While most people are familiar with the biblical concept of the tithe, relatively few people understand where it comes from. Historically each Jewish worship service requires at least ten Jewish men to be present—a minion. Jesus traveled with his twelve disciples which meant that everywhere he stopped to speak was an official Jewish worship service. Well, if a Rabbi had a minion and each of them contributed the title, then the Rabbi would enjoy the average standard of living of his minion. In the American church where the average congregant donates one percent of income, it basically takes a membership of one hundred congregants to support a pastor, which implies that an American minion is one hundred congregants.

The stewardship crisis facing American churches also poses a theological crisis because the pastors must keep their minions happy. If the pastor’s job is to comfort the afflicted and to afflict the comfortable, a balance is obviously easier to maintain with a Jewish minion than an American minion. In other words, because of how churches are financed, the pastor today must be an expert in crowd control in a society focused more on media entertainment than biblical literacy. Maintaining faithful teaching in the midst of this framework is understandably difficult.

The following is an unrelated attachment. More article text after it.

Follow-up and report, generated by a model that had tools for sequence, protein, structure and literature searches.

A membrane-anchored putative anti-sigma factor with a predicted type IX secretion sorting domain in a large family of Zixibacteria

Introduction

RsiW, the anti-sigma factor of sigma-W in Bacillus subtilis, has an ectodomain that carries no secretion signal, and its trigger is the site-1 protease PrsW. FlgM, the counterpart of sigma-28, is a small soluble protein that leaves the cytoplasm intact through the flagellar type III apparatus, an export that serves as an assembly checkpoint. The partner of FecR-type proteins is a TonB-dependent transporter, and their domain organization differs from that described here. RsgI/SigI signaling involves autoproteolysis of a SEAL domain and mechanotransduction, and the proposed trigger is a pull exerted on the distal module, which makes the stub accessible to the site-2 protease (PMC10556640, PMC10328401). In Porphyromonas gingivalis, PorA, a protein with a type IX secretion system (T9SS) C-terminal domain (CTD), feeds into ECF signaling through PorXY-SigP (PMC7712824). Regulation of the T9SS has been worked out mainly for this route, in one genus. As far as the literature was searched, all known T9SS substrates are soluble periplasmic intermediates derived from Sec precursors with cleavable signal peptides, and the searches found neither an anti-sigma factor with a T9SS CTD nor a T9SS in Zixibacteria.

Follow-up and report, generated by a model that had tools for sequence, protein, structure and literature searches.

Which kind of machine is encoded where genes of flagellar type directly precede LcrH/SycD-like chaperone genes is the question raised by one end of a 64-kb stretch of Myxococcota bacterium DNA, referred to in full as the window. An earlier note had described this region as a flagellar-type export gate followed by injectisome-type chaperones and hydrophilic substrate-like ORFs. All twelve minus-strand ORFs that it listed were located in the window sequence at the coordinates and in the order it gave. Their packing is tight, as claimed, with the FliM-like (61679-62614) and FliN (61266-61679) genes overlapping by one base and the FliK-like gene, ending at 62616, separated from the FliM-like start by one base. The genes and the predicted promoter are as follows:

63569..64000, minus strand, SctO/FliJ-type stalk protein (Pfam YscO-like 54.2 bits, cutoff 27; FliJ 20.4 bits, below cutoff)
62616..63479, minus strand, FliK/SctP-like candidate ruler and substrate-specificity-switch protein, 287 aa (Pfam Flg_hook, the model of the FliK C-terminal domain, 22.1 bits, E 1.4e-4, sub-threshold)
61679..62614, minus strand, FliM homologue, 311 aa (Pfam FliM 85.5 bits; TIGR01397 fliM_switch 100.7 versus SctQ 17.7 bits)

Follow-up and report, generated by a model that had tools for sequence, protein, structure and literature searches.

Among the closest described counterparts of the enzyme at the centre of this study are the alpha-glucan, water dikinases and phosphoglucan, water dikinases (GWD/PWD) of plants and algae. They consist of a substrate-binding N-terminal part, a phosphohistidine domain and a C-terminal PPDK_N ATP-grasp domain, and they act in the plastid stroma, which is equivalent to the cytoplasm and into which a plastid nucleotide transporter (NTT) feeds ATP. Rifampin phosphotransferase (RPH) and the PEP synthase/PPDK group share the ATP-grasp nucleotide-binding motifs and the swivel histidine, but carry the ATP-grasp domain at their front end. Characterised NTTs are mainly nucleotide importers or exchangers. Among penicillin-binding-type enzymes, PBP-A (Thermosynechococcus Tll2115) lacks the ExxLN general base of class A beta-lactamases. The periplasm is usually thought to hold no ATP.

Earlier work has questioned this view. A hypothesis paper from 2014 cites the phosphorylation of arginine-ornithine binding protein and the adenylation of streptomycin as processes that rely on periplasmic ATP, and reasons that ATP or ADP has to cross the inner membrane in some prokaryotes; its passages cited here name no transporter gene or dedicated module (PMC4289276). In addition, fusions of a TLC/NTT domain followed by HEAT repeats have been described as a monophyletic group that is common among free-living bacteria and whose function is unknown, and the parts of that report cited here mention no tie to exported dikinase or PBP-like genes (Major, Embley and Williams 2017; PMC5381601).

Change as Transition

Change seldom happens overnight. This makes it helpful to think of change as a transition with beginning, middle, and ending phases rather than single event. In pastoral care, the typical hospital visit is a transition—something prompted the visit, the patient requires a period of treatment, and, then, what will be different as they leave the hospital? This final question is inherently spiritual, especially when the patient passed through a near-death experience.

The Exodus experience poses the classical biblical transition. It took Moses maybe 40 days to get the people of Israel out of Egypt, but it took him 40 years in the desert to get the Egypt out of the people. Even then, Joshua, not Moses, was the one that led them into the Promised Land (Bridges 2003, 43). Interestingly, it was in the desert where the people of Israel learned to rely on God (Exod 7:16; Card 2005).

Rebooting a Program or Career